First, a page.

The State Department on Thursday afternoon released a batch of 5,500 pages of Hillary Clinton's emails online, in its second-to-last tranche of the former secretary of State's messages.
Thursday's dump — coming the afternoon of New Year's Eve — is the seventh of eight court-ordered releases.
The full 100 percent of her emails are ordered to be released publicly by Jan. 29.
Many of the emails concern personnel matters, such as Clinton congratulating people on new jobs, or recommending people for jobs, overseeing Congressional confirmation of appointees, or nominating employees for awards.
One dated February 2012 showed that as a favor, Clinton got someone named "Bill" to call a former staffer-turned-Maryland-assemblyman to urge him to vote for a gay marriage bill.
"Pls let him know Bill called--unsuccessfully," Clinton writes.
Many others are much less serious.
In an April 5, 2012, email with the subject line: "Photo gone viral," Clinton discussed her famous "texts from Hillary" photo showing her in a C-17 aircraft wearing shades and using her Blackberry.
Hillary expressed to aide Cheryl Mills that she was perplexed as to why the photo would go viral, to which Mills replied, "You look cute."
In another email, a friend commented how the "great press" Clinton was getting on "all things sartorial and hair related."
"Who would have thunk it at this stage in our lives. A whole new reason for you to be my hero!" she wrote.
"Ain't it weird? But, I'm not complaining..." Clinton replied.
There were also other surprising revelations -- such as billionaire and liberal donor George Soros telling a Clinton ally he regretted supporting President Obama, and that that German Chancellor Angela Merkel supposedly despised the "Obama phenomenon."
The latest posting fell short of a court-ordered end-of-December deadline to release at least 82 percent of the approximately 55,000 relevant pages under a Freedom of Information Act request.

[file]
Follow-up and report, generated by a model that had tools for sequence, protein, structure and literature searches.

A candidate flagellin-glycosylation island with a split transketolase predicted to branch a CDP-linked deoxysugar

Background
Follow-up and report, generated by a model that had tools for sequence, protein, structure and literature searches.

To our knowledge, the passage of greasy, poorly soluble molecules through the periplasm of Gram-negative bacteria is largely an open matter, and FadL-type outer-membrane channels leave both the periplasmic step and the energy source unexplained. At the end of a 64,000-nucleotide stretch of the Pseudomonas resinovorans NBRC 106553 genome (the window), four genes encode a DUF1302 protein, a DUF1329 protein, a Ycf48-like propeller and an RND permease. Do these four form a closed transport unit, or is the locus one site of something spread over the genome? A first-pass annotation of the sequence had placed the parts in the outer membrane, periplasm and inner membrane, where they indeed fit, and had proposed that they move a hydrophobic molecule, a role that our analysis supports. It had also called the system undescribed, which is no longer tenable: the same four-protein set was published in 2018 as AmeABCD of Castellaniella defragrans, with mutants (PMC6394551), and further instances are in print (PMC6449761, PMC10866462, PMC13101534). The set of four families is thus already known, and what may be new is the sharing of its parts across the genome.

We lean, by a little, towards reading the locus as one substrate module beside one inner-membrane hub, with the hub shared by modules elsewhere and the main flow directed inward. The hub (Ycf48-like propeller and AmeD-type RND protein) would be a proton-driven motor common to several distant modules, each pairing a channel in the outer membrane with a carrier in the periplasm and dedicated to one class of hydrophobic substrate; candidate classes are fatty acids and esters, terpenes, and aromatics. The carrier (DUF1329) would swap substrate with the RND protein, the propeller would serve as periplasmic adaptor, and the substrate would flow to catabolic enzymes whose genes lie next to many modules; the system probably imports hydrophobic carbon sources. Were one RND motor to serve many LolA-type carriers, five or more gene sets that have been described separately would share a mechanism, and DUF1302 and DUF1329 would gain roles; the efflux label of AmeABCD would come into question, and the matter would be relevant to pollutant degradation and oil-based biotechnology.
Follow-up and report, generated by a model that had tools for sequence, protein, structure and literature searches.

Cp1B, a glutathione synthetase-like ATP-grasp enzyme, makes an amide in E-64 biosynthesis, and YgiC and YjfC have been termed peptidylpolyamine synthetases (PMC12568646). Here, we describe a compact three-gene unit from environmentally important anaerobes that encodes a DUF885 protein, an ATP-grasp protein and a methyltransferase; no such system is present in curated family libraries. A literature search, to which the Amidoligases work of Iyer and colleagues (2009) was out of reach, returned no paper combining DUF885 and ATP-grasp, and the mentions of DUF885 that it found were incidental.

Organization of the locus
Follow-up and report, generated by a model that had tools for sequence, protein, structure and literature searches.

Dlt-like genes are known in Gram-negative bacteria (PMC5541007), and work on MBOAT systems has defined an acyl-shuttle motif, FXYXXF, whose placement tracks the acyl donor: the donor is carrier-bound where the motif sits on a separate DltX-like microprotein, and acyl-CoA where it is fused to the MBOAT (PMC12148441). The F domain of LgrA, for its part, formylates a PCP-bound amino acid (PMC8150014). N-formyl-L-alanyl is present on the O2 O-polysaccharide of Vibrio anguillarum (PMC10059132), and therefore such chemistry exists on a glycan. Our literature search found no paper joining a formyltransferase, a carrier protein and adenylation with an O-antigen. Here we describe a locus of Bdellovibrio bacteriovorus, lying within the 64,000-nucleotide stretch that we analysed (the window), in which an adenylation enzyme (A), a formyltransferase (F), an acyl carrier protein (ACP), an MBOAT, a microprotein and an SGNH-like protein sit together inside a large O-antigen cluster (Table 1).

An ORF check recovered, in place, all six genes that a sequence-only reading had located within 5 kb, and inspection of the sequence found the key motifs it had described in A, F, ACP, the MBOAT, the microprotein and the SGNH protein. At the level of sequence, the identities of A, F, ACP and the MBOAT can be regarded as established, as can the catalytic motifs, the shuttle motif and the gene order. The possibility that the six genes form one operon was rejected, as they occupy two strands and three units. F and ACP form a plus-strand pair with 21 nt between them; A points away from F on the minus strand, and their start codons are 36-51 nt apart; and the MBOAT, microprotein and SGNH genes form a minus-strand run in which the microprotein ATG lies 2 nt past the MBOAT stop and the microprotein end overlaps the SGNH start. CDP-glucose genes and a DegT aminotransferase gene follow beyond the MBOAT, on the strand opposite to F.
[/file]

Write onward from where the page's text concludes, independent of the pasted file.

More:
The State Department said Thursday in an email that the agency would release more "sometime next week."
This is not the first time State has missed a benchmark to release Clinton's emails. It also fell short of its timeline in July.
The emails released Thursday do not have "fully completed data fields on the FOIA website," the State Department said earlier in the day.
This means they can't be easily sorted by subject, sender or recipient — which had been an option in previous email dumps.
State said it will add the missing data fields next month.
The revelation that Clinton used a private email server for work during her time as secretary of State had dogged the Democratic presidential front-runner in the early months of her candidacy.
Despite the controversy, Clinton still holds a massive lead in the Democratic race. She garners 54.7 percent support nationally, according to a RealClearPolitics average of polls.
Sen. Bernie Sanders (I-Vt.) trails her with 30.7 percent support, and former Maryland Gov. Martin O'Malley has 4.7 percent.
Earlier this month, Defense Secretary Ash Carter admitted that he also used his personal email for work. Carter's revelation has not received the same scrutiny.